Sorry, such racial issues, and how people do seemingly innocent things like the way they guardedly speak, are something very close to my everyday life. I take big issue with it, because if I don't say anything it would mean that I'm okay with what happens to me and people I know, all the time. If anyone had said similar things about women, forum members would be all over them, but somehow racial matters are just part of our imagination? Only a white person would say that, because you don't have to deal with it, and unless you have non-whites in your family or among close friends, you won't even see it.

I think women know more about what I am talking about than men, too. People who don't have these things happen to them are quite often notoriously blind to what is going on around them.

Oh, by the way, Blacks and Asians and Arabs and Jews and whatnot can all be racist, too. It is not reserved only for one group of people!

Edited by butuki on 10/09/2009 11:33:02 MDT.

Dave U
(FamilyGuy) - F

Locale: Rockies
To Greg and David on 10/09/2009 11:31:30 MDT Print View

Ouch. I did not realize that I offended you as that was not my intention. My comment about baiting was that honestly I was too tired this morning to see that he had, in fact, probably tried baiting. My point was only that I answered the question regarding fees from the perspective that there were fees attached and that most of those who I come accross are, in fact, from other countries and different races. Says a lot of what Canadian parks have to offer. Also, the fee comment that we all pay it was meant to quell any notion that locals should not pay and others should. The fact that I have done the trek 4 times and met such people should indicate that we (as in the general Canadian population) are far from racist. Our Charter of Rights and Freedoms support the cultures that make up the vast race and religious mosaic we call Canada.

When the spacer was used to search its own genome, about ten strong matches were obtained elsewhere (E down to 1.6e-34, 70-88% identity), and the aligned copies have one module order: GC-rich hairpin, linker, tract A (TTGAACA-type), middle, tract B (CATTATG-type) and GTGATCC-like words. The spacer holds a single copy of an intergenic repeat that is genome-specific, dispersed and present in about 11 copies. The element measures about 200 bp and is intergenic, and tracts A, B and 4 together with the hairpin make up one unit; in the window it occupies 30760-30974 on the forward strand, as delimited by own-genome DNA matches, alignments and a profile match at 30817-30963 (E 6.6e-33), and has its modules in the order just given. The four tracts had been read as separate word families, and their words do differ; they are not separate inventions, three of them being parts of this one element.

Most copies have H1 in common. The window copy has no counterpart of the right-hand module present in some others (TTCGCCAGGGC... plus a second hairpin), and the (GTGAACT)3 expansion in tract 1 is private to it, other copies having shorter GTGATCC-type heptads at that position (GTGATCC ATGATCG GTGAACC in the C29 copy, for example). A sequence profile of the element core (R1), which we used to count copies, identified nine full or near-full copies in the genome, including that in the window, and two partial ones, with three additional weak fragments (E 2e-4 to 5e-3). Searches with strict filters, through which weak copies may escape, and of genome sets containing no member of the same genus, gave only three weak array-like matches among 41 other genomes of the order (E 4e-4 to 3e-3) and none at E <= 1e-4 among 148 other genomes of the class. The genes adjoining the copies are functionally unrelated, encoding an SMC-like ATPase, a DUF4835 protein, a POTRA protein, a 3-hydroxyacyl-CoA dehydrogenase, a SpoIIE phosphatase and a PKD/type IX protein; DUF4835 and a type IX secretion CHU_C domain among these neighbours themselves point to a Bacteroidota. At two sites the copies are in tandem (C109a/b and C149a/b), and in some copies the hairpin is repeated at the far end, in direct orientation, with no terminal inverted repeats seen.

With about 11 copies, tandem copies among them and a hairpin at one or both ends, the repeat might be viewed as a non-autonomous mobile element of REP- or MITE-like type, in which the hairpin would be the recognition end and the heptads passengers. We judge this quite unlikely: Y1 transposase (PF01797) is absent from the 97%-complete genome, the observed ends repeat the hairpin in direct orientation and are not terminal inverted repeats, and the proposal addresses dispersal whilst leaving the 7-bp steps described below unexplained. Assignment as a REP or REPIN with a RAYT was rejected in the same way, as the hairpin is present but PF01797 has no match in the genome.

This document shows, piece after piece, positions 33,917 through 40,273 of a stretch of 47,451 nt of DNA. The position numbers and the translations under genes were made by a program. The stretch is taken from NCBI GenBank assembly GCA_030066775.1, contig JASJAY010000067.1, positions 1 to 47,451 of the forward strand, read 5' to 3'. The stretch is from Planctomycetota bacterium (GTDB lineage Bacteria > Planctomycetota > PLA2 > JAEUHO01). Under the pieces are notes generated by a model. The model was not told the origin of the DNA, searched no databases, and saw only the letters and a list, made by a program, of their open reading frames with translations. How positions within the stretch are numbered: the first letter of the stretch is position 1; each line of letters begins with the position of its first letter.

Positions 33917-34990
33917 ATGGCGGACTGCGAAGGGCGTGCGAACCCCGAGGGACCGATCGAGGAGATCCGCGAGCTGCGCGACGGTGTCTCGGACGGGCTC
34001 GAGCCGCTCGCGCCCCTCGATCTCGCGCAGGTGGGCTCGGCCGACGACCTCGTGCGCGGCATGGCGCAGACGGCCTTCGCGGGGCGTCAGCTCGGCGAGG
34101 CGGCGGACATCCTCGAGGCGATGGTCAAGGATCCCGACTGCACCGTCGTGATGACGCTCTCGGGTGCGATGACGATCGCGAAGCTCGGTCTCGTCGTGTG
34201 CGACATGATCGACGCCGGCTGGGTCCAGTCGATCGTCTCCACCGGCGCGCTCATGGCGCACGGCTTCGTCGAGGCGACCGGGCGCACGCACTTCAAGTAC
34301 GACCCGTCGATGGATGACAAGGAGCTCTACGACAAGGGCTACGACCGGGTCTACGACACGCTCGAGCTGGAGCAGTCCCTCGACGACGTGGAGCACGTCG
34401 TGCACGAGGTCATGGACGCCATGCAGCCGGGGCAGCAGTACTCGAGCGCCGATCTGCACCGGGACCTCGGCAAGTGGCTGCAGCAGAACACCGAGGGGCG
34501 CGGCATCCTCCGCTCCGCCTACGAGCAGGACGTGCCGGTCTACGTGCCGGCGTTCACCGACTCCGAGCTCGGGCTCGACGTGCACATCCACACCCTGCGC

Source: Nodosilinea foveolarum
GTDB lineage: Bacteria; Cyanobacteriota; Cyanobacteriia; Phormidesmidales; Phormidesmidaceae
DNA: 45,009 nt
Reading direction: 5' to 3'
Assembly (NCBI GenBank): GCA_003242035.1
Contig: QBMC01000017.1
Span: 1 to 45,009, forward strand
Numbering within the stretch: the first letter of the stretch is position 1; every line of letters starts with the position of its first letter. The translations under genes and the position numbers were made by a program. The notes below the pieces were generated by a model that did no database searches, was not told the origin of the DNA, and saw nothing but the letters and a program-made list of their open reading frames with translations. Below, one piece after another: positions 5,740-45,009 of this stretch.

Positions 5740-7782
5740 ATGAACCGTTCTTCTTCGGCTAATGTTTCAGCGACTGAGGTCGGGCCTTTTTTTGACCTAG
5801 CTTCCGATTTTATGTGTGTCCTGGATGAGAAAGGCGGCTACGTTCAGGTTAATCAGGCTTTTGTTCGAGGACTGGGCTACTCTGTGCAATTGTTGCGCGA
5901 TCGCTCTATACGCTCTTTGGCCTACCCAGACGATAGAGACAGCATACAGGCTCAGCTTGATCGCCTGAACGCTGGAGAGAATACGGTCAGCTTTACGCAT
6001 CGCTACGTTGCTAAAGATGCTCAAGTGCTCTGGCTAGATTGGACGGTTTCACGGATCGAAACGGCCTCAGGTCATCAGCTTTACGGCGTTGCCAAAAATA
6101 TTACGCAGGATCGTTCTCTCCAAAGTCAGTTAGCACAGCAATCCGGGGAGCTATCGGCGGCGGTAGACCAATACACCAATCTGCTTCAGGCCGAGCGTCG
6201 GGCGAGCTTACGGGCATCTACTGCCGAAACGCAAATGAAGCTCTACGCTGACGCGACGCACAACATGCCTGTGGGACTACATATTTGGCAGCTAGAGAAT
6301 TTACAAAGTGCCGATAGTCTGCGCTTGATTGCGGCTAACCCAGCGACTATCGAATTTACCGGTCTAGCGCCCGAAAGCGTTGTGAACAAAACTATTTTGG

In other words, one person does not speak for a nation.

BTW, I thought you were Sottish? ;)

Miguel Arboleda
(butuki) - MLife

Locale: Kanto Plain, Japan
Re: To Greg and David on 10/09/2009 12:09:57 MDT Print View

Hey David,

"Offended" isn't really the right word. You didn't offend me at all, really. I knew you were just trying to be fair and to look at things from the middle. But your comments made me feel I had to explain why I said what I did earlier. I, too, shouldn't just make offhand statements without explaining why it is that I say them. Before his comments, what would I have had against Dewey? I'd never even seen him in the forums before.

What really surprises me is having this kind of conversation with a Canadian! I've never met a Canadian who makes the like of those earlier statements in all my years working with hundreds of them here in Japan. Canada has always been a place of tolerance to me and why I am seriously considering immigrating there (and one reason I was there for a month this summer).

And if this can quell any bad feelings between Dewey and me, let me just say that though there are problems in Canada with the gang wars and such, it is really not comparable to such places as New York, Los Angeles, or Washington D.C. Vancouver is still VERY safe. Though the downtown area did very much remind me of Boston, with similar problems.

I believe gang war problems and such are very much curable. But you can't take the approach of "throw them all out." That doesn't solve anything. It didn't in New York. And yet now New York is becoming one of the safest big cities in the United States. A lot of it had to do with more opportunities for minorities and a better understanding of why the problems have happened. Those gang members in Vancouver don't live in a vacuum and just suddenly one day become violent gangsters. They live in conditions that make them that way. The anger, just like Dewey's anger, comes from somewhere and a feeling of not being able to do anything effective. Lots of young men and women turn to crime when they see no other way to improve their lives (yes, it is skewed thinking, but these kids don't have good role models and safe homes and prospects of good jobs.).

As to my being Scottish, well, I guess I didna knoew I hed the 'ole heather in me blood, aye. Guess I shoeld spaell it uht noew, being that I'm a McGill, doen't ye knoew. Aye. (pardon me to an Scots reading this, for my horrid Scottish rendition)